Category Archives: Business & Environment

The colorization of old Ireland

Life happens in color, but photographic documentation of it once occurred primarily in black and white. The limits of 19th and early 20th century monochrome technology prompted the simultaneous development of colorization techniques, which were applied to the original images of people, places, and events. Hand-tinted photochromes of Irish landscapes, an early tourism marketing tool, are a good example.

Advances in digital technology over the past few decades have enhanced and expanded the colorization of historic black and white photos and films, sparking debates about the manipulation of the original source material. Irish historian Diarmaid Ferriter wrote:

Whether colorizers spend minutes or hours working on a photo, there is an element of guesswork and computer programs and historical context can be uncomfortable bedfellows. The pictures that were taken at any moment in time were the pictures as the takers saw them; what those working with a 19th-century camera saw, in color, can be far from the same as what a colorized photograph becomes in the 21st century.[1]Colourisation undermines the essence of old photos“, The Irish Times, Oct. 29, 2021.

Children in Feothanach, Co. Kerry, 1946, from the National Folklore Collection.

These debate are unlikely to be settled soon, and I will not attempt to resolve them here. Engineer John Breslin and historian Sarah-Anne Buckley, who have collaborated on the books Old Ireland In Colour (2020) and Old Ireland in Colour 2 (2021)[2]Offered and provided to me by a representative of publisher Merrion Press, County Kildare. view their efforts “as part of the democratization of history, a tool to develop empathy and a connection with the past while the original photograph remains intact  … drawing attention to the existing collections as opposed to replacing them in any way.”[3]”Introduction” of Vol. 2 (‘democratization’) and Vol. 1 (‘drawing attention’).

The two Old Ireland volumes contain nearly 330 images, which range from just before the Great Famine to the outbreak of the Troubles in Northern Ireland. The photos are arranged in broad categories “driven by public interest in the history of Ireland and the Irish–particularly the history of the Irish revolution, social and cultural history, gender history, the history of the Irish abroad, and images of Ireland’s beautiful landscapes and streetcapes,” the authors write.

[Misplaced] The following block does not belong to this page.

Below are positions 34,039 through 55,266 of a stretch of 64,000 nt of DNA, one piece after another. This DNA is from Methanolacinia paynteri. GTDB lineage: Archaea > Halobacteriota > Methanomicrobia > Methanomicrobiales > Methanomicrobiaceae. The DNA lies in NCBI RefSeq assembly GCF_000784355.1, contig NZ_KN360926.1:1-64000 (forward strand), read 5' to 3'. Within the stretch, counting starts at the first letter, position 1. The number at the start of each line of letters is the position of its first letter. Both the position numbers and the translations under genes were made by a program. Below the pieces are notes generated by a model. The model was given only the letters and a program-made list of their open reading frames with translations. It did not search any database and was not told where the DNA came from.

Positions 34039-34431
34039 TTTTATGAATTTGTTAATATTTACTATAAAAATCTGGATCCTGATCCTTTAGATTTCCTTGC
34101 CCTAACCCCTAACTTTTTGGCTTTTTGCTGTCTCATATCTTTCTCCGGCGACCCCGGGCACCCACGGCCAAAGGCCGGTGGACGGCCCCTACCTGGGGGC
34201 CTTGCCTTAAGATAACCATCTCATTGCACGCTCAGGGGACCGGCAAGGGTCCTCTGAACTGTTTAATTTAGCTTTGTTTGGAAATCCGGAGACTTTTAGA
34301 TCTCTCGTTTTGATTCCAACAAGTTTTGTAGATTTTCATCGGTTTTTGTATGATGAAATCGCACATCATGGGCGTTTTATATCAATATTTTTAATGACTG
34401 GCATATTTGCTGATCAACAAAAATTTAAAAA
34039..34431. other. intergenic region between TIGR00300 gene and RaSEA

Irish Travellers at Loughrea, Co. Galway, 1954. National Library of Ireland Collection. This image appears in Vol. 1.

Many of the black and white originals will be familiar to even casual students of Irish history: the General Post Office, Dublin, after the 1916 Rising; rifle-carrying anti-Treaty IRA men striding down Grafton Street in trench coats and fedoras; the battering ram brigades of Land War evictions; the RMS Titanic leaving Belfast; and famous figures such as ‘Jack’ Alcock and ‘Teddie’ Brown, Edward Carson, Michael Collins, James Connolly, Tom Crean, Éamon de Valera, John Devoy, Maud Gonne, Lady Gregory, ‘Mother’ Jones, James Joyce, John F. Kennedy, ‘Jim’ Larkin, Terence MacSwiney, Constance Markievicz, Charles Stewart Parnell, Peig Sayers, Oscar Wilde, and W.B. Yeats.

In an example of how easily errors are introduced to any historic work, the famous photo of de Valera and Devoy, joined by John W. Goff and Judge Daniel F. Cohalan at the Waldorf Astoria Hotel in New York City, is incorrectly dated to March 1919 in Vol. 1. But Dev was still on the run from his month-earlier escape from Lincoln Prison. This hotel photo was taken in June 1919, within days of Dev’s arrival in America. Old Ireland sources the photo to the Library of Congress, which uses the incorrect date from Flickr Commons.

Colorization gives Dev a green tie, the neckware of the other three are hues of purple. Their suits remain dark and gray.